It was supposed to be one of his greatest moments of joy. Instead, it turned out to be a day of sorrow for former South African President Nelson Mandela as he learned of his great-granddaughter’s death on the eve of Opening Day of the 2010 World Cup.

Mandela was initially expected to appear at the first match between South Africa and Mexico on June 11, to celebrate his country’s triumph of hosting the World Cup on the African continent for the first time ever. But the 91-year-old former Nobel Peace Prize winner instead stayed at home to mourn with his family in Northern Johannesburg after 13-year-old Zenani Mandela died in a fatal one-car accident on the way back from a concert in Soweto on June 10.

According to reports, Johannesburg Police say the male driver of the car was arrested and charged with driving under the influence of alcohol; he may also be charged with homicide.

“The Metro police found that he was drunk,” Johannesburg Metro police spokeswoman Edna Mamonyane said, according to the Associated Press. “He lost control of the vehicle and it collided with a barricade.”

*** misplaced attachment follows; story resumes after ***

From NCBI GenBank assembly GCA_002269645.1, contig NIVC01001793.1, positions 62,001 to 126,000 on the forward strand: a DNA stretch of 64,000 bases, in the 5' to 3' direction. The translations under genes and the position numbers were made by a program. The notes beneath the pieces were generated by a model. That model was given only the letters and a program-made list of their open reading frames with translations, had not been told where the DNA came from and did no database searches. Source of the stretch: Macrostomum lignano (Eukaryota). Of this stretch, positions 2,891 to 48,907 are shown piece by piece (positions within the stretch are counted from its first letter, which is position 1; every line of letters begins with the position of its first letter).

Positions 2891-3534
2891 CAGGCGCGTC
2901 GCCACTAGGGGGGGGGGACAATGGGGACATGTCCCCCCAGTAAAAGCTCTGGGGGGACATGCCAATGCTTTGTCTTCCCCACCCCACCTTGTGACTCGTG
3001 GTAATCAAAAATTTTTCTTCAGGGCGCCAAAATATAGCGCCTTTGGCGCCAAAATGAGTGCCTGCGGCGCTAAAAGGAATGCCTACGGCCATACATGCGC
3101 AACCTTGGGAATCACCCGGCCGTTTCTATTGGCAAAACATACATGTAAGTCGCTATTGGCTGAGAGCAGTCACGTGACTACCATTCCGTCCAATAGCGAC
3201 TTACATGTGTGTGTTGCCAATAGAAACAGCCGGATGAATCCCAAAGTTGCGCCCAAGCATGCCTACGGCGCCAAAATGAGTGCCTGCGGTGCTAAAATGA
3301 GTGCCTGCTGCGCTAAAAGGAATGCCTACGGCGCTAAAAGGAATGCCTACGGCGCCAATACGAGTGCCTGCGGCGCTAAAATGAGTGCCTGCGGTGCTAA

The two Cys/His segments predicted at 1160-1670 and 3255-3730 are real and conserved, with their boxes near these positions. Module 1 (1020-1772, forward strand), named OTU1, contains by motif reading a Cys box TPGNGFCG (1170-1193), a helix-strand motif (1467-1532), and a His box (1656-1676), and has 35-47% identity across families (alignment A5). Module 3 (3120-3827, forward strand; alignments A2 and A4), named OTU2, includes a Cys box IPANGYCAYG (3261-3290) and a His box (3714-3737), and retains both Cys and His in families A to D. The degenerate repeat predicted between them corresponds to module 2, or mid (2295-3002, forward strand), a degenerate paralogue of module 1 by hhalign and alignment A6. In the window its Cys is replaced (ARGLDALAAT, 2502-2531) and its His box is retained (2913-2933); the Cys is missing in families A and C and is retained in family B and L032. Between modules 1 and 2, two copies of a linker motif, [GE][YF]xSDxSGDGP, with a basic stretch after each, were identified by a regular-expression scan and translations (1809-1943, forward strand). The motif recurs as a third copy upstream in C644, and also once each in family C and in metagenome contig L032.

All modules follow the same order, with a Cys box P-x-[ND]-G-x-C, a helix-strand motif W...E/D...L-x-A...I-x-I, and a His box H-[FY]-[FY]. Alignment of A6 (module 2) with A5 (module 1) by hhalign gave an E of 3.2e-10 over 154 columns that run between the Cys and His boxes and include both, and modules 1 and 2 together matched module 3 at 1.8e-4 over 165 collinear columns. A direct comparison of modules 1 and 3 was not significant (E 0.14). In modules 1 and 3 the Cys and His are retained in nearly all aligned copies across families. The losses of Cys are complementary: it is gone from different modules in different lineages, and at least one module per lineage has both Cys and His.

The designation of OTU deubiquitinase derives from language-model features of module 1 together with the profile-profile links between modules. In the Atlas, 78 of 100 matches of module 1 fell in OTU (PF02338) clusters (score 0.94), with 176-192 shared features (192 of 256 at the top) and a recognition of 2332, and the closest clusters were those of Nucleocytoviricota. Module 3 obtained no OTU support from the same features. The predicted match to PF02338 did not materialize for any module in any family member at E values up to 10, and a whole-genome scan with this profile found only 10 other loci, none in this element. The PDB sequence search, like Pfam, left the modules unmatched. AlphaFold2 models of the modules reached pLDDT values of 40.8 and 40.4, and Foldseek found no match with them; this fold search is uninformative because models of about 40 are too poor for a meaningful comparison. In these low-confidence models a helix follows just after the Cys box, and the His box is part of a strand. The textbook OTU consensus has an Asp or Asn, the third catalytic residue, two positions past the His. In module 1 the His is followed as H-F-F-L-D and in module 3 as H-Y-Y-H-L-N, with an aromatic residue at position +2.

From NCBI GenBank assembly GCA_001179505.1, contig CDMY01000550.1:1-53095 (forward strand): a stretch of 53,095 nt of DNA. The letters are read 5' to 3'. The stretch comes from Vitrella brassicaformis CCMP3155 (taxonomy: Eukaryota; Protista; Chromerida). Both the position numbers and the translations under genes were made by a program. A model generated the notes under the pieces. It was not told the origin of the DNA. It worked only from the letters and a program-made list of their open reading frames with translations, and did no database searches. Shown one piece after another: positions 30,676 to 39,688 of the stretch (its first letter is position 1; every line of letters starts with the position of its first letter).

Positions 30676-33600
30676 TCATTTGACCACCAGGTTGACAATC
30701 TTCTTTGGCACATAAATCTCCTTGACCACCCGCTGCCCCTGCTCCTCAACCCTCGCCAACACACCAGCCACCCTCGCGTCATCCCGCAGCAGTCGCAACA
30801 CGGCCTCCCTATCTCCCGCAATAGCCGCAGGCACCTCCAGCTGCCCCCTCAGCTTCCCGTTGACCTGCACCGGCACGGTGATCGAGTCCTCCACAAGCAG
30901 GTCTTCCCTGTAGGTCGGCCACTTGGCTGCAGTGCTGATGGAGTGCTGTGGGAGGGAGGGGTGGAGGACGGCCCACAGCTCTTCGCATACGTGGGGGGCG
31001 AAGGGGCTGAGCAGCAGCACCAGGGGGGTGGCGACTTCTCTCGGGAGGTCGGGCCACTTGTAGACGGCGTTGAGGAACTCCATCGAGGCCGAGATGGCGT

The AP reported that the driver was released from Johannesburg police Friday after a preliminary hearing was postponed for further investigation.

The Nelson Mandela Foundation told the media that Zenani’s tragic death “made it inappropriate” for the South African icon to attend the opening day ceremony.

“We are sure that South Africans and people all over the world will stand in solidarity with Mr. Mandela and his family in the aftermath of this tragedy,” the foundation said, according to the AP. “Mr. Mandela will be there with you in spirit today.”

Mandela, 91, is perhaps South Africa’s most famous figure, a social rights activist who became the county’s first Black president after serving 27 years in prison. He served for only one term before devoting his life to international causes, including protests against the AIDS epidemic.